Saturday, August 23, 2014

Why You Didn't Win!

A quick note before I get started: This week has been really bad for me. I haven't been able to post at all. I'll try to make up a bit for the lack of posting. Monday I will be attempting two posts: My regularly scheduled Ready. Set. Write! post and a special post that's part of the "The Not So Accidental Blog Hop"! Today I'm going to post a bit about contests in general.

-----

I had meant to make this post sooner. This post is partially in reference to the Tomie dePaola award (or at least the award sparked the idea), but mostly to address contests in general. It's been a while since the Tomie award has been announced so this post is a bit late that way. It may be for the best, because I think by now the sting of losing is getting easier for those who didn't win. This is not a post for me to complain about losing. Judging a contest is really hard, so I hope you will all respect Tomie in not bashing him or his award. I respect the decisions he made. Any comments that attack the Tomie dePaola award, Tomie dePaola or any other contest (or judge) will be immediately removed by me.

I keep forgetting to post my entry to the Tomie dePaola contest, so here it is:
You can view many (but not all) of the entries here and the winners here. I totally should have won, right? Ha, ha! Any artist who has put their heart and soul into their work will say they think they should have won a contest. No one is wrong for thinking this, but there are many valid reasons why an entry isn't selected. I've compiled a list here. Some of these apply to the publishing world as well as contests.

1. Art is Subjective Chances are if your entry was put before a different judge your entry would have been chosen. Actually, I can almost guarantee it for almost everyone. Everyone has their own idea what makes a good work of art.

2. The Guidelines Weren't Followed It's the same with submitting to an editor or agent. They have guidelines for a reason. Sometimes a really good piece of work that will skirt the guidelines, but this is the exception not the rule! More often than not a contest judge will nix an entry because it didn't follow one or more of the guidelines. Sometimes work is slightly outside of the guidelines, and even these risk disqualification.

3. It Wasn't What the Judge Wanted This is much like point #2, but it's a bit more individualized. There is no such thing as an unbiased judge. I don't mean this as an insult. All judges bring all their past experiences into the contest and use that as criteria to judge artwork. Every judge has their own unspoken list of guidelines. Judging artwork isn't an exact science. Unlike math you can't have 10 people judge the same artwork on the same criteria and still come up with the same outcome. 

4. The Characters Looked Licensed I can not say for certain that this was the reason that anyone didn't win the Tomie, but I did notice several entries that looked like they used licensed characters. My artwork would fit into this category. I can completely understand why this would cause an entry to be thrown out. Using an licensed character would be cheating. There is no judge out there who would know all the licensed characters out there, so it would be perfectly reasonable if a judge threw these out to save on future difficulties this would cause.

5. The Artwork Wasn't Seen First The first entries to any contest are partially responsible for the judging of subsequential entries. This doesn't always mean that the entries received first are seen first. This also doesn't mean that later entries wont be judged fairly, but they wont set the standard (though they can raise the bar for those seen after).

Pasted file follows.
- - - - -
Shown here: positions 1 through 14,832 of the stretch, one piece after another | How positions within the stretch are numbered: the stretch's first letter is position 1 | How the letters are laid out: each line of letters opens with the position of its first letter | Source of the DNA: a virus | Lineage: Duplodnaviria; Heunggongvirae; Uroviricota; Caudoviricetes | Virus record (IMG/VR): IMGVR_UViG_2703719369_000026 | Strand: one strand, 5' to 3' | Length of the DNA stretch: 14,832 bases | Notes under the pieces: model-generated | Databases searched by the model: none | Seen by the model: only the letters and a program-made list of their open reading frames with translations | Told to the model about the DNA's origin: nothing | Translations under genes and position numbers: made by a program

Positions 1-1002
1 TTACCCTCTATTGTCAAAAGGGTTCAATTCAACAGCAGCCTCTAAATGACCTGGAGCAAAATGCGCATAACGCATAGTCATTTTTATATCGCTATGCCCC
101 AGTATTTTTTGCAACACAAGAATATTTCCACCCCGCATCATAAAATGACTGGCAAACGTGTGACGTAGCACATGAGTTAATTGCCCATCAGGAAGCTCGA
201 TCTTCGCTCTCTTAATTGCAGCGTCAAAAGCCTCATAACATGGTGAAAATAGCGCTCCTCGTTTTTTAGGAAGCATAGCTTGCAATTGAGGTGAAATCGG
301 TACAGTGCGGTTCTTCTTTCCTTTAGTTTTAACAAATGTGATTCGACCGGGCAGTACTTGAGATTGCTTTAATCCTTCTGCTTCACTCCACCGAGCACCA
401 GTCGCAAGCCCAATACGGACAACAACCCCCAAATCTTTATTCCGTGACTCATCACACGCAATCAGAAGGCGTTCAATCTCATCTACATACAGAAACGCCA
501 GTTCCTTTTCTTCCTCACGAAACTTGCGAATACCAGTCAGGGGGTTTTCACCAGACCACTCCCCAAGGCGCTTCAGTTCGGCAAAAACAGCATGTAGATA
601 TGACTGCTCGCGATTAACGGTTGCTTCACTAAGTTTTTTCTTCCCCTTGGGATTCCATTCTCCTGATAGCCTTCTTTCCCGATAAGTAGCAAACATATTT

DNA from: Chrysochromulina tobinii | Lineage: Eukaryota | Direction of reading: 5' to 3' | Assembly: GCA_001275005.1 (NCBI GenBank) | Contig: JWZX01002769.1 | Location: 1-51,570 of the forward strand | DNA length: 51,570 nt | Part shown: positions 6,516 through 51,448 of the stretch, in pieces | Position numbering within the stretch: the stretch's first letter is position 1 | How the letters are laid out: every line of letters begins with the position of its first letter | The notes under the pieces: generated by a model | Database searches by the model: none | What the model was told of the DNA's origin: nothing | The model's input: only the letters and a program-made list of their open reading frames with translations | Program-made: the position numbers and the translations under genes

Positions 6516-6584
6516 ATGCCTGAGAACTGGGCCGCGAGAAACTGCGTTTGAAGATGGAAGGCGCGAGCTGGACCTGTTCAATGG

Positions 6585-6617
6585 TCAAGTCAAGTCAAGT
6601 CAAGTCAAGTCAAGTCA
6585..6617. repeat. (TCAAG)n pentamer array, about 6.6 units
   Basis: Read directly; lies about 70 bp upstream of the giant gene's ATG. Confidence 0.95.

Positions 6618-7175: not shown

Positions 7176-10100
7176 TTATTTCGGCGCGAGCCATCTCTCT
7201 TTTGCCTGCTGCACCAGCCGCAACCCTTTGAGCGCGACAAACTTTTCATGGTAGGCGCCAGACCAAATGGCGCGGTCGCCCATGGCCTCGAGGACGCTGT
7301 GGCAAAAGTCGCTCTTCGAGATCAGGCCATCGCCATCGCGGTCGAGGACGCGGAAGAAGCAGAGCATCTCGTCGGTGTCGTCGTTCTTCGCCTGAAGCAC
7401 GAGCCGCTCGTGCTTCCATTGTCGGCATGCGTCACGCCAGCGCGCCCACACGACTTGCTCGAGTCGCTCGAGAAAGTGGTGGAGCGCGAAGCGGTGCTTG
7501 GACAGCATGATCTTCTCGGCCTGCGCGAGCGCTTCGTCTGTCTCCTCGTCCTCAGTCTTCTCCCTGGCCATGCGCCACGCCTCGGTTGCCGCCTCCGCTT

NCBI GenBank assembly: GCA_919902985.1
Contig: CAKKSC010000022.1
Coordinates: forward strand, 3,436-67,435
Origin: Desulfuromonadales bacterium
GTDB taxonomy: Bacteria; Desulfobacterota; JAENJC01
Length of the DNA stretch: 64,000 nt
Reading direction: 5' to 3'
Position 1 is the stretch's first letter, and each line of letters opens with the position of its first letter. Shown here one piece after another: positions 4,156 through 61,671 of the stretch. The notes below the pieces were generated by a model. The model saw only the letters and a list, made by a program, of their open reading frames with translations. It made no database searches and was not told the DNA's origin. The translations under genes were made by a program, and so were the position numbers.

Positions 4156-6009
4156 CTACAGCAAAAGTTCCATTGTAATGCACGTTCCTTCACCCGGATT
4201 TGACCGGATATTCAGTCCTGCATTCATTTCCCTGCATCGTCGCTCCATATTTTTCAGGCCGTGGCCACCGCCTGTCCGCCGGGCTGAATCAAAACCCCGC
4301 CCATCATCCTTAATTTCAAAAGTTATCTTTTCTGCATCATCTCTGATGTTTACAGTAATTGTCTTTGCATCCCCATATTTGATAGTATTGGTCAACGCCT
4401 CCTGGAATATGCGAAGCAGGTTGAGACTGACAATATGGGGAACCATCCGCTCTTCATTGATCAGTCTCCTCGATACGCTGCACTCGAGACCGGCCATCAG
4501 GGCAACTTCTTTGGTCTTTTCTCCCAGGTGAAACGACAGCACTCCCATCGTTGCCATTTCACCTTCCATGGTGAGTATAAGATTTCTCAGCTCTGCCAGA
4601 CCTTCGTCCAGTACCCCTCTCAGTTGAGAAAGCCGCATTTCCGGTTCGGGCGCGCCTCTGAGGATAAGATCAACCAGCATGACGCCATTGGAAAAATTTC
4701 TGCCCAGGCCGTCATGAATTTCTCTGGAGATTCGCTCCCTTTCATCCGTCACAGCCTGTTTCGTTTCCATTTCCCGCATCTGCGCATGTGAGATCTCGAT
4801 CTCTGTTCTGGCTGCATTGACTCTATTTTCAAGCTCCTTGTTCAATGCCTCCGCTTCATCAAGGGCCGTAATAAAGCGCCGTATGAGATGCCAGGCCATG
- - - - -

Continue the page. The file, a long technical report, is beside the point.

6. There Was Just Something Wrong This is for the whole list of random things that could have gotten your piece disqualified. It could be that the artwork didn't look finished, the skill wasn't quite there or any number of things that looked wrong with the artwork. Something in the piece could seem offensive or it could be misjudged. One of the worst things that can happen is your work just isn't received on time! 

What was wrong with your entry? In most cases I'd say "absolutely nothing"! It certainly does not mean you are a bad artist (there is no such thing) it just means you weren't selected. It certainly doesn't mean you wont win any contests in the future. If you learn anything from entering a contest then you have already won! Congratulations on your entry, and good luck in any future contests. 



3 comments:

  1. I agree except for 2 things: A professional judge should consider composition, value balance, color harmony,
    draftsmanship, competence with the medium, etc. Added to this, for an illustration contest like tomie's, is story flow,
    character consistency, suitability for children, and pictures that are readable. Personal taste shouldn't be on the list of criteria anywhere. I'm only talking about contests, our acceptance by the general public is and should be very subjective.

    ReplyDelete
  2. The other thing I'd love to hear more opinions on is: "no such thing as a bad artist". I feel this is true if we're illustrating for just ourselves, which is fine, I do that most of the time. But if we're throwing it into the arena of a contest or a commercial application or a picture book it has to meet all the criteria I mentioned above, and be really exceptional. It's exciting and fun, and takes courage, because part of the excitement is knowing we could get shot down in flames! I'm willing to accept that there was something "wrong" with mine (not objectionable, just weak art) and that's why I didn't win. It'll make winning next year all the sweeter!

    ReplyDelete
  3. I totally forgot about this since I didn't enter and was on vacation when the finalists were announced. Thanks for the reminder (just looked them up). So sorry you didn't win though.

    ReplyDelete